Terrace takes place on history's map

TOYAH SHAKESPEARE
WA Museum Albany public programs officer Malcolm Traill takes a look at the history of Stirling Terrace.

From troop marches and car races to Sunday concerts and shopping, Albany’s former main street, Stirling Terrace, is an important part of the city’s history.

WA Museum Albany public programs officer Malcolm Traill has explored some of the stories behind the historic street.

“Stirling Terrace has been on maps since 1834, named after the first governor of WA, captain James Stirling,” he said.

“He was, ironically, responsible for Albany not being the capital … everything would have changed if he had perhaps favoured Albany.

“It was the main street because it was near the port and later on the railway station, it had all the hotels and the banks and the shops.”

The main street featured four banks, shipping agents Glasgow House and Edinburgh House, and department stores Drew Robinson’s, Everett’s and Barnett’s, which also had Albany’s first lift installed in the 1930s.

Stirling Terrace had four hotels, three of which still trade today, the Royal George, White Star, The London and Freemason’s Hotel.

“The White Star started as the White Hart and was renamed the White Star after the shipping line,” Mr Traill said.

In 1914, when Australian and New Zealand soldiers docked in Albany port, before they sailed on to fight in the Great War, they were brought off the ship daily to march around Stirling Terrace and York Street.

“My theory is, when the troops came back from the Boer War in 1902, 12 years earlier, some of them got off the ship and went into the pubs and went on a bit of a rampage, they got into trouble,” he said.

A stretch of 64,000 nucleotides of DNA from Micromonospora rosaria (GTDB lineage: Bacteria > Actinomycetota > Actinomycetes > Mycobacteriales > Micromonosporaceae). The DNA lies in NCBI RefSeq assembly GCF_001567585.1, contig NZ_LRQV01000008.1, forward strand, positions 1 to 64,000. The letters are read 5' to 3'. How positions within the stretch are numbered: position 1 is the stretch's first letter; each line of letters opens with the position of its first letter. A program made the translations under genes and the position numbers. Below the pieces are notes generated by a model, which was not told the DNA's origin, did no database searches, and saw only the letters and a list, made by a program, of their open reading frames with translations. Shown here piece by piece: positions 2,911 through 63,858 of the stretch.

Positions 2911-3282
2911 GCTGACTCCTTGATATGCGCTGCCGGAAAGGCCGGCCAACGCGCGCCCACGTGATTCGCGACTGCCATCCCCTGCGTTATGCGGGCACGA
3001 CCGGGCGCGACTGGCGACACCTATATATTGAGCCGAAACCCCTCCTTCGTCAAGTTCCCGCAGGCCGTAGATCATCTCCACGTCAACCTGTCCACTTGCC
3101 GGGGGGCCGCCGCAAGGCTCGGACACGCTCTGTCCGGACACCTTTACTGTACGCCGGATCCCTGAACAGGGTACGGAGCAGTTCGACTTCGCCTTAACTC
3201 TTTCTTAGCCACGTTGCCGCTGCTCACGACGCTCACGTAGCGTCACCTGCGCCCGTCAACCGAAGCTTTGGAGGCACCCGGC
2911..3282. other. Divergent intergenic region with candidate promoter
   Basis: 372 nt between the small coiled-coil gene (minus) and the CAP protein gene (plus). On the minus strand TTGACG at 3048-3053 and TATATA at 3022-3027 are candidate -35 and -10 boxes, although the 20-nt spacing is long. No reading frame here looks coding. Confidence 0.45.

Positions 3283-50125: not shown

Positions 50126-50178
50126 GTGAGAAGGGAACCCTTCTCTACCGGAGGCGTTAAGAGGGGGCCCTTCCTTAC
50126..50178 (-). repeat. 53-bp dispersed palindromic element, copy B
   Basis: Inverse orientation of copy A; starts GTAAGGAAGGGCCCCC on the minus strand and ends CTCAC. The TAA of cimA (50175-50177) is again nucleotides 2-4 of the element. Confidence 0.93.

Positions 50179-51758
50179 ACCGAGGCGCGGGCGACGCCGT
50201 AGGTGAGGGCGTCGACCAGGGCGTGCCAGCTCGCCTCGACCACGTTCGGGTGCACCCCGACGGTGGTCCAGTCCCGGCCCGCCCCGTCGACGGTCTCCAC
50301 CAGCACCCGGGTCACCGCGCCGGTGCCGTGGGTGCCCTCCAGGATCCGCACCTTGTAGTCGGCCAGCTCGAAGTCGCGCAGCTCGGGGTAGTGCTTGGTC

“The thinking was ‘we’re going to keep these guys under control’.”

In 1897, the rotunda was built as a bandstand to celebrate Queen Victoria’s diamond jubilee.

The surrounding area was made into gardens, now called the Queen Victoria Jubilee Gardens.

“It was a real meeting place with the bandstand, Sunday afternoon concerts,” Mr Traill said.

“Also, it was the start and finish for the motor racing, the round-the-houses.

“Albany had the first round-the-houses event in Australia, held in 1936.”

He said main street status started to shift towards York Street in the early 20th century when shops and later banks began to relocate there.

“The Town Hall was built in 1888 so things started to move a little bit, and the pubs like the Premier and the Albany were up York Street and a few shops and the churches,” Mr Traill said.

“A big thing was when the post office moved in 1964.

“That was really the start of the end of Stirling Terrace being the main street.”

These days Stirling Terrace is a construction site while the street is given a facelift to tie in with Albany’s Anzac Centenary commemorations in November.

“This is the evolution of Stirling Terrace, one of the oldest streets in WA, it’s an important part of Albany’s history,” he said.